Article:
We found that children of the Surveillance Group showed a significantly lower mean score on the Working Memory Index compared to the children of the Historical Control Group. However, this result should be taken with caution as we cannot exclude that the high rate of missing data on this scale could have biased group comparisons (see Table 3). For a substantial number of children, we were not able to obtain adequate collaboration to acquire valid data for the two subtests composing this index (Zoo Locations and Picture Memory). As frequently observed by assessors in both groups, these two subtests specifically appeared to require substantial efforts from the participants. The high number of missing values could have resulted in an over-representation of the highest performances, potentially explaining the mean performance in the high average at the Working Memory Index for the Historical Control Group. This could also have reduced statistical power, thus not reflecting a true difference on memory span and working memory skills between groups.
Gross and Fine Motor Functions
Overall, gross motor assessment revealed mean scores in the normal range. However, this developmental domain still appears as a specific area of concern, with 31% of the Historical Control Group and 19% of the Surveillance Group performing equally to or below the 16th percentile (1 SD or more below norms). In both groups, gross motor disabilities were characterized by difficulties with standing balance, decreased lower limbs strength, proximal instability, and difficulty with hand–eye coordination. Although some studies document a gradual improvement in gross motor abilities up to the age of 3, difficulties in this domain persist at school entry where gross motor impairment rate generally exceeds normative expectations (9, 66).
We found no significant differences between groups for gross motor functions. Since gross motor impairments are known to be the first manifestations of altered neurodevelopment in infants with CHD, it is possible that family physicians and pediatricians, even outside specialized clinics, may be successful at detecting these difficulties and thus accurately referred patients to relevant rehabilitation services or offer parental recommendations on how to foster the child's motor development (67). Based on parental reports, 18% of children in the Historical Control Group had received treatments with a physical therapist in addition to the standard health care, physical therapy being one of the most frequently received interventional services. This could have preserved their gross motor skills and may explain the absence of significant differences between groups. As discussed by Kynø et al. (68) in the preterm population, the standard care offered to all patients with CHD at the pediatric intensive care unit (e.g., nesting, post-surgical positioning program, parents present as much as possible, etc.) may also have supported the child's development, therefore reducing outcome differences between groups. Nevertheless, the greater proportion of children in the Historical Control Group performing below the 1 SD cutoff suggests that children who did not undergo early systematic interdisciplinary developmental follow-ups are at higher risk for gross motor impairments compared to children who took part in the CINC program. We cannot exclude either that this absence of significant statistical differences in gross motor skills could be due to the small sample size.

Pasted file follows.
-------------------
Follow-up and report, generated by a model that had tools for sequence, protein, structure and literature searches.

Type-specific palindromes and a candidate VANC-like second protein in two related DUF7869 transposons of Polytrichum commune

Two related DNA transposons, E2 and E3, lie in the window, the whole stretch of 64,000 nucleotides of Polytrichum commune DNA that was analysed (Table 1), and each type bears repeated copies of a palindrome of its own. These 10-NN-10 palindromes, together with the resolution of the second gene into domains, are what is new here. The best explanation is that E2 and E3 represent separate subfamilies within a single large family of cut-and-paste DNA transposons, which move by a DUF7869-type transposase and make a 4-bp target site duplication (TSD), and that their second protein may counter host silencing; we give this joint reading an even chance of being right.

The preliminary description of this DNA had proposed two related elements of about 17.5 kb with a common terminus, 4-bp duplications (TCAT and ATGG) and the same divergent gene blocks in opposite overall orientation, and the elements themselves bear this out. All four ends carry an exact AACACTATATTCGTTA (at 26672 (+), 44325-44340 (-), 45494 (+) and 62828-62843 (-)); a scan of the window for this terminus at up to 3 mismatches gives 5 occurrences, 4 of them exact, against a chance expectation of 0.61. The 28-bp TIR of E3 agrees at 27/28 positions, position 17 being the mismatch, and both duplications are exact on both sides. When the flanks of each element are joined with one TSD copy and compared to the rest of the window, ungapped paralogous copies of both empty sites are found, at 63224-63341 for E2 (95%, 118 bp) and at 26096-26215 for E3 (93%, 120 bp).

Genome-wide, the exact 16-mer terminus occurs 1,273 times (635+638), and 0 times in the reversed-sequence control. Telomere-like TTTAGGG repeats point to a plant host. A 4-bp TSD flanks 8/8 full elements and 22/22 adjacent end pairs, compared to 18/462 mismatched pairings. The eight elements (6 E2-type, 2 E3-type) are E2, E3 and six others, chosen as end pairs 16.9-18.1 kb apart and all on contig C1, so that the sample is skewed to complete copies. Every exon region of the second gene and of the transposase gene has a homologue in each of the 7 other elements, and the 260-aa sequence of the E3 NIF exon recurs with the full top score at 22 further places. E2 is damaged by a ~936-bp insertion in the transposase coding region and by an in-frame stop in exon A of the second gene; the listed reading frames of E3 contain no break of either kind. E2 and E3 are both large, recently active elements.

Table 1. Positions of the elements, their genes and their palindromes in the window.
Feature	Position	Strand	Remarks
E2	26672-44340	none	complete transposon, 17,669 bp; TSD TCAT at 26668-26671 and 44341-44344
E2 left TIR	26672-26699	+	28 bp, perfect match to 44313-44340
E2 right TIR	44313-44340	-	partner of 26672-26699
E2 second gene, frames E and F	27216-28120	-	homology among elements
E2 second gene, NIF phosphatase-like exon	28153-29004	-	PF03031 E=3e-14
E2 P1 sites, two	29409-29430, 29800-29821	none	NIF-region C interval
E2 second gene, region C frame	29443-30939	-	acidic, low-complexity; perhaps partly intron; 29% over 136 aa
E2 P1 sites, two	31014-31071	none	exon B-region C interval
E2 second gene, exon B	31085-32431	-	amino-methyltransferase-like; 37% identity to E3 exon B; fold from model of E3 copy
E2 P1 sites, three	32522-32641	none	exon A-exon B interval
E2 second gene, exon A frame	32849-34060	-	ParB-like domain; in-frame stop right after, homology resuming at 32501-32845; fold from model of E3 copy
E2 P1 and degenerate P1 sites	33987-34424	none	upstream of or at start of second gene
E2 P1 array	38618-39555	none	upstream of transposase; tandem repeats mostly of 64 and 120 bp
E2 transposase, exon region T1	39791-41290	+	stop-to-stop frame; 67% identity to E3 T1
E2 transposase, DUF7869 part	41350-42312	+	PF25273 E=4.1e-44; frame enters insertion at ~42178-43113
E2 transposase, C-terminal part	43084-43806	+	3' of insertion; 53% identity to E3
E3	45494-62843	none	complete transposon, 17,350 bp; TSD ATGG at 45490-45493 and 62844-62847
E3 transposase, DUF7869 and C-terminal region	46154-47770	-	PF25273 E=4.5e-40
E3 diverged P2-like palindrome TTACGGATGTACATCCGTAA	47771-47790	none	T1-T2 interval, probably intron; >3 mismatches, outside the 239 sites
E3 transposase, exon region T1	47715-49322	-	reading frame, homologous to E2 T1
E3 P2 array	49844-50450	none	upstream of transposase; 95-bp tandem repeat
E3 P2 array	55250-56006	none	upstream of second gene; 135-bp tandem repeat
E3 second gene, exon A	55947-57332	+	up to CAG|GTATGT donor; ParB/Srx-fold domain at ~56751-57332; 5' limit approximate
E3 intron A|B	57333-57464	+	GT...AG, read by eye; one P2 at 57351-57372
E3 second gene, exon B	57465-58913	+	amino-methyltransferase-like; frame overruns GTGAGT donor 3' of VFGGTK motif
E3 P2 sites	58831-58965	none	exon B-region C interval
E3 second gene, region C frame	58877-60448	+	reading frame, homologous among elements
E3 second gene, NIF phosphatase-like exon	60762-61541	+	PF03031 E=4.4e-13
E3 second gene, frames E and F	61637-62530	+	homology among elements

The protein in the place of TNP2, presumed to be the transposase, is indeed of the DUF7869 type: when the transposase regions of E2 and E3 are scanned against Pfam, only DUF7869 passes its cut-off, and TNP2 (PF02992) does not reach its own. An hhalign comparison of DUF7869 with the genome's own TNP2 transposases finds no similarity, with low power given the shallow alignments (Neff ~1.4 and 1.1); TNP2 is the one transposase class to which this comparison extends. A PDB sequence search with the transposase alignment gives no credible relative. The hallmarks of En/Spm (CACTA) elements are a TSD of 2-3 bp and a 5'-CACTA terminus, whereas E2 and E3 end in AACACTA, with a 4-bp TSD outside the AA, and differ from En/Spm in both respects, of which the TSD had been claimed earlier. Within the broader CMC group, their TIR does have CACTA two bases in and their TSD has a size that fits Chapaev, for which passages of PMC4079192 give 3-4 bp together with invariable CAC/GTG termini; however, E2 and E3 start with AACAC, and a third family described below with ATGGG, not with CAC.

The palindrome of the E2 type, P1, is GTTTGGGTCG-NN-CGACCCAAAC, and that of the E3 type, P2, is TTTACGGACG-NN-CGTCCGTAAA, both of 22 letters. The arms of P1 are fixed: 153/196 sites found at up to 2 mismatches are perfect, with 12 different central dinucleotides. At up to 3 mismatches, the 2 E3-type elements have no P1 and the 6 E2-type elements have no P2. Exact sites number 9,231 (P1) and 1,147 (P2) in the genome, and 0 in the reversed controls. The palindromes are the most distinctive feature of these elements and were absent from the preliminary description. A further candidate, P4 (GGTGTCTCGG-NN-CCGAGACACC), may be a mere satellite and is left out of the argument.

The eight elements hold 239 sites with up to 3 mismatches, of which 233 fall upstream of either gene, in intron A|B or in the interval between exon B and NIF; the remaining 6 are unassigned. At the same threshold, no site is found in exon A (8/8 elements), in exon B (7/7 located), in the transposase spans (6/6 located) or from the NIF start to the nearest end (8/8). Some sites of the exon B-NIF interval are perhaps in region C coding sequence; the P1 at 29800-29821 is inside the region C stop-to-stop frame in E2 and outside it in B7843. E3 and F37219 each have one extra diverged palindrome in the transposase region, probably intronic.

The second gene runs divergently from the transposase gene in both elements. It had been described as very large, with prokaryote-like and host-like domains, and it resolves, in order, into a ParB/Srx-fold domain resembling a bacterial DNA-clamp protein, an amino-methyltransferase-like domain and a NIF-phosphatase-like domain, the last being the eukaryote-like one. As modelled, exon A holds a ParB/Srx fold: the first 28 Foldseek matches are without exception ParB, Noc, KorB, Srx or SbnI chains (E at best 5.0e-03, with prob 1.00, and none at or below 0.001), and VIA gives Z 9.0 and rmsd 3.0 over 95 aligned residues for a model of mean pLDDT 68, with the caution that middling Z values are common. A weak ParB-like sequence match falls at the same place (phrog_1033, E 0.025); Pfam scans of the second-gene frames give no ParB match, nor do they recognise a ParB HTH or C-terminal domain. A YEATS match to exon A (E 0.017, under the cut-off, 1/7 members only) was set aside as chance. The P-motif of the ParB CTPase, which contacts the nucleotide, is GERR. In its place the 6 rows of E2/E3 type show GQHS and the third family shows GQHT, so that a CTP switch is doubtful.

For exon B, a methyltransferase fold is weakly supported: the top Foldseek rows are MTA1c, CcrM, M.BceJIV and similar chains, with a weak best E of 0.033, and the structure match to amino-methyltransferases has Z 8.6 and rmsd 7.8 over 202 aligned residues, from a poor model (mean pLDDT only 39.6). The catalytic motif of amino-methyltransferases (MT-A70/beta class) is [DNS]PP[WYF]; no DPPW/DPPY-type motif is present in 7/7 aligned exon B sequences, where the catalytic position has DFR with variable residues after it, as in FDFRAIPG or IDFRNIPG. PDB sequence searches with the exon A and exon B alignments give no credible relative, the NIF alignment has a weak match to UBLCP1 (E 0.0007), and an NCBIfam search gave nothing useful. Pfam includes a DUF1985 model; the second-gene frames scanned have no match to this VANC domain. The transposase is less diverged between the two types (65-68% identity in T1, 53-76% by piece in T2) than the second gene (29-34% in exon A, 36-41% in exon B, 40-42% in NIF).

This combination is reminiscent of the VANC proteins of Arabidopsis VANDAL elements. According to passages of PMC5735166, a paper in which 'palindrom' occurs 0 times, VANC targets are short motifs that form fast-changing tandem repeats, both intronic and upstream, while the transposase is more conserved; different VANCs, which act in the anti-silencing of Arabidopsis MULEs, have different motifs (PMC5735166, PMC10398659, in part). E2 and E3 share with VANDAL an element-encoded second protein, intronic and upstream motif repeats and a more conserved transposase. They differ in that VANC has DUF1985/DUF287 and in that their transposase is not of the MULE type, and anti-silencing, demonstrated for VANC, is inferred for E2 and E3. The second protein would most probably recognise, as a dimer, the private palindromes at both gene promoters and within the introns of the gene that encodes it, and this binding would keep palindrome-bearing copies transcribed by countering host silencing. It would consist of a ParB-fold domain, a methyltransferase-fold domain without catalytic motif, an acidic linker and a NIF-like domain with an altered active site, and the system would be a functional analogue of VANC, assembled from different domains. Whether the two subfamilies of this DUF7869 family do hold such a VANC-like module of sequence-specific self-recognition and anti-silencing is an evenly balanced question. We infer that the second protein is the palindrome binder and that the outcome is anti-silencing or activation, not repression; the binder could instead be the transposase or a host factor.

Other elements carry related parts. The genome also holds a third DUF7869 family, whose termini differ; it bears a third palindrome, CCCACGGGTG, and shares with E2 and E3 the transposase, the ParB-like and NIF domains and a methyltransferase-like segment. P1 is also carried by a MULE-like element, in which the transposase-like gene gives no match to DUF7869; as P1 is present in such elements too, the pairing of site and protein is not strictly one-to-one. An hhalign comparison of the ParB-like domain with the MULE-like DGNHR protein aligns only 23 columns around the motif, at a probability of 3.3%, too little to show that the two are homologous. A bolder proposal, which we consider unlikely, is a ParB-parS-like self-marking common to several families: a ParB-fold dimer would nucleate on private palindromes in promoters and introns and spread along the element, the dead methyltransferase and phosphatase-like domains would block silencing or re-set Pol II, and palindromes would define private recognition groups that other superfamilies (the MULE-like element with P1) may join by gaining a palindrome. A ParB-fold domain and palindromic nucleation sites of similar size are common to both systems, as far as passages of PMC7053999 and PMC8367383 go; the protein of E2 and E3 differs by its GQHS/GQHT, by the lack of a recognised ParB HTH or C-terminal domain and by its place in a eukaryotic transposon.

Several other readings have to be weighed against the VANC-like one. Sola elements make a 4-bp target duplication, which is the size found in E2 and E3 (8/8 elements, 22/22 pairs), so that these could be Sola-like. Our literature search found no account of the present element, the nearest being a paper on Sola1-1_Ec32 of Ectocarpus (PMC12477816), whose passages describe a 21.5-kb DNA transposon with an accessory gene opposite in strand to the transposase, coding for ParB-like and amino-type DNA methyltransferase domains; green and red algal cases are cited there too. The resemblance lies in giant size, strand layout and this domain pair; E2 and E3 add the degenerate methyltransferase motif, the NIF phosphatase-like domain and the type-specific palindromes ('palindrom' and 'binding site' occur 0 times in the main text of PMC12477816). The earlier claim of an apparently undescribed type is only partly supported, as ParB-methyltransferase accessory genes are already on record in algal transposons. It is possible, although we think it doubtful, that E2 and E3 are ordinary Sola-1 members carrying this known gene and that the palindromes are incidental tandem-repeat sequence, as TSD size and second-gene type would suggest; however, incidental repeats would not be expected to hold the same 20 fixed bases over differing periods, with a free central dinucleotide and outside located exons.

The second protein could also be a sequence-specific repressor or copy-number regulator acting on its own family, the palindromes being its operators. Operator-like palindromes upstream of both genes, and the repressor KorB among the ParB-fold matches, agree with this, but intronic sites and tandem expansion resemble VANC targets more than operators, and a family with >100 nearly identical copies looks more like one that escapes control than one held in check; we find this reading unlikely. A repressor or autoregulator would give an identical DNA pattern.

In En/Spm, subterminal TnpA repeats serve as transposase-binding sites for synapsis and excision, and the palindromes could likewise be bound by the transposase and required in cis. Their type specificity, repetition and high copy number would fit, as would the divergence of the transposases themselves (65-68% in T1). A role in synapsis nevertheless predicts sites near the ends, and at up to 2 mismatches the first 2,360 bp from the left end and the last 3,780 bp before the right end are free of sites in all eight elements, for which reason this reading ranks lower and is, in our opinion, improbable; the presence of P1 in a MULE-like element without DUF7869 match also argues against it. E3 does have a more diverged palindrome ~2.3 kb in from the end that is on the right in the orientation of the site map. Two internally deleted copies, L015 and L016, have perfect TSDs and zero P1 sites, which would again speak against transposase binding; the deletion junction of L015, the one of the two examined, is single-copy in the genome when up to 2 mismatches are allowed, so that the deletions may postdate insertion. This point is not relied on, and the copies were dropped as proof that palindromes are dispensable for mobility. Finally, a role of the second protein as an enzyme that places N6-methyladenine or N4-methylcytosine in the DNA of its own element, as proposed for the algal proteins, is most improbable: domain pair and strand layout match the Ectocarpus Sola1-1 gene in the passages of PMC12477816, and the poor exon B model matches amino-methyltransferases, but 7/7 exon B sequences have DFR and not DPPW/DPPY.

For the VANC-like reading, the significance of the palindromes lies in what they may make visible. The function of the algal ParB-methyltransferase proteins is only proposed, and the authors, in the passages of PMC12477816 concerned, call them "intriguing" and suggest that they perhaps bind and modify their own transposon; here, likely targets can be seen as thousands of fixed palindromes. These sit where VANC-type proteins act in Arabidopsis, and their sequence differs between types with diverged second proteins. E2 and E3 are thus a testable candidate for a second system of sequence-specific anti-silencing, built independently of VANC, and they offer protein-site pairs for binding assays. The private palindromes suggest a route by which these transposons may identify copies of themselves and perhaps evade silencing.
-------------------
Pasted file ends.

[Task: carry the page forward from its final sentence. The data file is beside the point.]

Regarding fine motor functions, occupational therapists have observed limitations in the proximal stability of the upper limbs in a significant proportion of children from both groups. These limitations caused distal tremors and difficulties with motor coordination. Children seemed to succeed in compensating for these difficulties with both groups performing within the normal range in fine motor tasks. However, children frequently exhibited non-voluntary mouth movements, revealing that these tasks required substantial efforts. In future studies, systematic video recordings of children's evaluations could help analyze qualitative observations from specialists and thus allow the tracing of a more subtle neurodevelopmental profile. We hypothesize that these subtle limitations may progress into significant deficits with growing environmental demands. Conducting a follow-up at school age is thus crucial to document the developmental trajectory and to detect motor difficulties that could arise and significantly impact schooling and social life (9).
Children of the Surveillance Group and the Historical Control Group demonstrated similar results on the BASC-2, revealing behavioral functioning in the normative range for both groups. At that age, only 2 children (5%) of the Historical Control Group and no children from the Surveillance Group received services from a psychologist. However, as it is integrated within the CINC systematic program, psychologists conduct the 24-month-old developmental evaluation and thus have the possibility to provide parental counseling and psychological support without the need to refer the family to external psychological therapy. During the evaluation, assessors observed behavioral regulation issues (e.g., oppositional behaviors, hyperactivity, and difficulties to mobilize cognitive resources) that have not been reported in the parental questionnaire. Based on our experience and the literature, behavioral issues appear gradually with age in children with CHD and become more salient to parents when the child enters school. We are following these children and expect parents to report more behavioral issues at school age.